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The peerage of France formed the upper echelon of the French nobility. At the time of King Francis II, the following nobles bore the title of peer:
1. Antoine of Bourbon, King of Navarre, Duke of Vendome
2. Jeanne of Albret, Queen of Navarre, Duchess of Albret and Countess of Foix
3. Francis of Cleves, Duke of Nevers, Count of Eu
4. Francis of Lorraine, Duke of Guise
5. Louise of Bourbon, Duchess of Montpensier
6. Louis of Bourbon, Duke of Montpensier, son of preceding
7. Claude of Lorraine, Duke of Aumale
8. Marguerite of France, Duchess of Berry
9. Anne of Montmorency, Duke of Montmorency
Antoine, as peer, prince of the blood and king consort, could easily claim precedence over the other peers. However, the other princes of the blood were at loggerheads with the peers in disputes for precedence. It was only in 1576 that the princes of the blood became supreme over the peers.
Royal dukes Edit
The ducal titles of Orleans, Angouleme, Anjou and Alencon were associated with the royal family, and were often given to the younger sons or brothers of the Kings of France.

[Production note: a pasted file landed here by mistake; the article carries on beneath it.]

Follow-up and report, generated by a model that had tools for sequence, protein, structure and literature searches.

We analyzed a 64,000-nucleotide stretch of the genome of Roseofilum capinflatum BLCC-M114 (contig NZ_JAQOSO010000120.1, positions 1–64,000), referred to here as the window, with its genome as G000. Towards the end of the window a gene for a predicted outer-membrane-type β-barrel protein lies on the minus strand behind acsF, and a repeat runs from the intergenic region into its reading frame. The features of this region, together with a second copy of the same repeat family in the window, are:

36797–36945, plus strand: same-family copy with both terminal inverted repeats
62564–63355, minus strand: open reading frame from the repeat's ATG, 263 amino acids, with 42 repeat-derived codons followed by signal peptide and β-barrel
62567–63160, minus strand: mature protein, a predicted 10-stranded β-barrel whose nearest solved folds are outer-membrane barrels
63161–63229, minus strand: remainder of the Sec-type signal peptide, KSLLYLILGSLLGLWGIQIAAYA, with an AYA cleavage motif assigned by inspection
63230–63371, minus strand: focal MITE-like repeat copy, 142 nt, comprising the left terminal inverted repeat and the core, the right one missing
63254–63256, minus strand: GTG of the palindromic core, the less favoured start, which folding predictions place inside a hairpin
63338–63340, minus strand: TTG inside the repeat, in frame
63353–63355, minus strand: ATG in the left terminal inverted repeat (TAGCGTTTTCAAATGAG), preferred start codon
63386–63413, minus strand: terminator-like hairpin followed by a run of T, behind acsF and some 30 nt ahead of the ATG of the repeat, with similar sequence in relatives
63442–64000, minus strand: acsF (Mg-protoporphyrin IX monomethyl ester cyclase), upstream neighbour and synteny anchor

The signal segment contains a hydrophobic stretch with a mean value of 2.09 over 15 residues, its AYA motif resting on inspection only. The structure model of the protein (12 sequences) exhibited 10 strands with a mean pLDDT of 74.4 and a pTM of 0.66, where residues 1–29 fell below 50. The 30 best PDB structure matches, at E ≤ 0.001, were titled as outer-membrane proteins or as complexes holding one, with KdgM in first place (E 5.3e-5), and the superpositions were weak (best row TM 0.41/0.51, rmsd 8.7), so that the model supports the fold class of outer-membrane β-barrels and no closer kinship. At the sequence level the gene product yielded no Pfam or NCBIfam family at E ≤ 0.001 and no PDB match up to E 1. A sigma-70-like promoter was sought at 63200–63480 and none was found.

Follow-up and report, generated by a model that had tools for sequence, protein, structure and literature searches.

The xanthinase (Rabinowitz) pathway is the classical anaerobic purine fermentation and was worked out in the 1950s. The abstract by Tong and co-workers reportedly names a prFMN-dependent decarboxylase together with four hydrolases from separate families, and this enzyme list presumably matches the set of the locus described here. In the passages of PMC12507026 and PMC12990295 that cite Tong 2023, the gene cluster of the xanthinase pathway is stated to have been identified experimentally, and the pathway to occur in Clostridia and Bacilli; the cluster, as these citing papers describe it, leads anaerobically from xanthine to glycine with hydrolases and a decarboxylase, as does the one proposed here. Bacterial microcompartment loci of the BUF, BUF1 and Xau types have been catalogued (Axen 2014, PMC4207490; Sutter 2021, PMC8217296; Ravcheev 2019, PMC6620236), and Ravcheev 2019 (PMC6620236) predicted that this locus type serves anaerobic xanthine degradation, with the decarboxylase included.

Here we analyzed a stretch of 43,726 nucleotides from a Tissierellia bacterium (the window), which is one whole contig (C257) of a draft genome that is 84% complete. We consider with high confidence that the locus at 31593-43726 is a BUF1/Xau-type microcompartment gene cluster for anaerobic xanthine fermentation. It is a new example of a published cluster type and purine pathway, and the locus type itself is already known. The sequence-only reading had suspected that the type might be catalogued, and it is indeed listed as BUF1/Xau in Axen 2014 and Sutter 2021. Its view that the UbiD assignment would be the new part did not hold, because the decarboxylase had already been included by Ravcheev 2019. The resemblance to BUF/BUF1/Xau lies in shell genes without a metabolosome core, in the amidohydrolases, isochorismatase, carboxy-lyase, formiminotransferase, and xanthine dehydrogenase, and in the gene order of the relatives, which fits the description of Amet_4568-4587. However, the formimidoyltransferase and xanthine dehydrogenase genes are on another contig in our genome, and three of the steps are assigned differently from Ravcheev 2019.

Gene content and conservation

During the lifetime of Francis, only his next younger brother Charles held the title of duke, as Duke of Orleans. The younger brothers, Henry and Hercules (later renamed Francis), were untitled until after Francis' death. Henry was eventually created Duke of Anjou, while Hercules was created Duke of Alencon. When Henry became king as Henry III, Alencon was created Duke of Anjou.
Ahistorical titles in Reign Edit
Duke of Anjou, mentioned in Liege Lord: Kenna expressed her wish of being married to the Duke of Anjou. At this time period, there is no Duke of Anjou, and if there is, it would have been granted to a close member of the royal family, a rank too high for Kenna to expect.
Duke of Toulouse, mentioned in Extreme Measures: Constance, an acquaintance of Charles, is said to be the daughter of the Duke of Toulouse. The Count of Toulouse was one of the original twelve peers of France. The title merged into the crown in the 13th century. It was re-created only by the time of Louis XIV, under the Bourbons. It was never created as a duchy.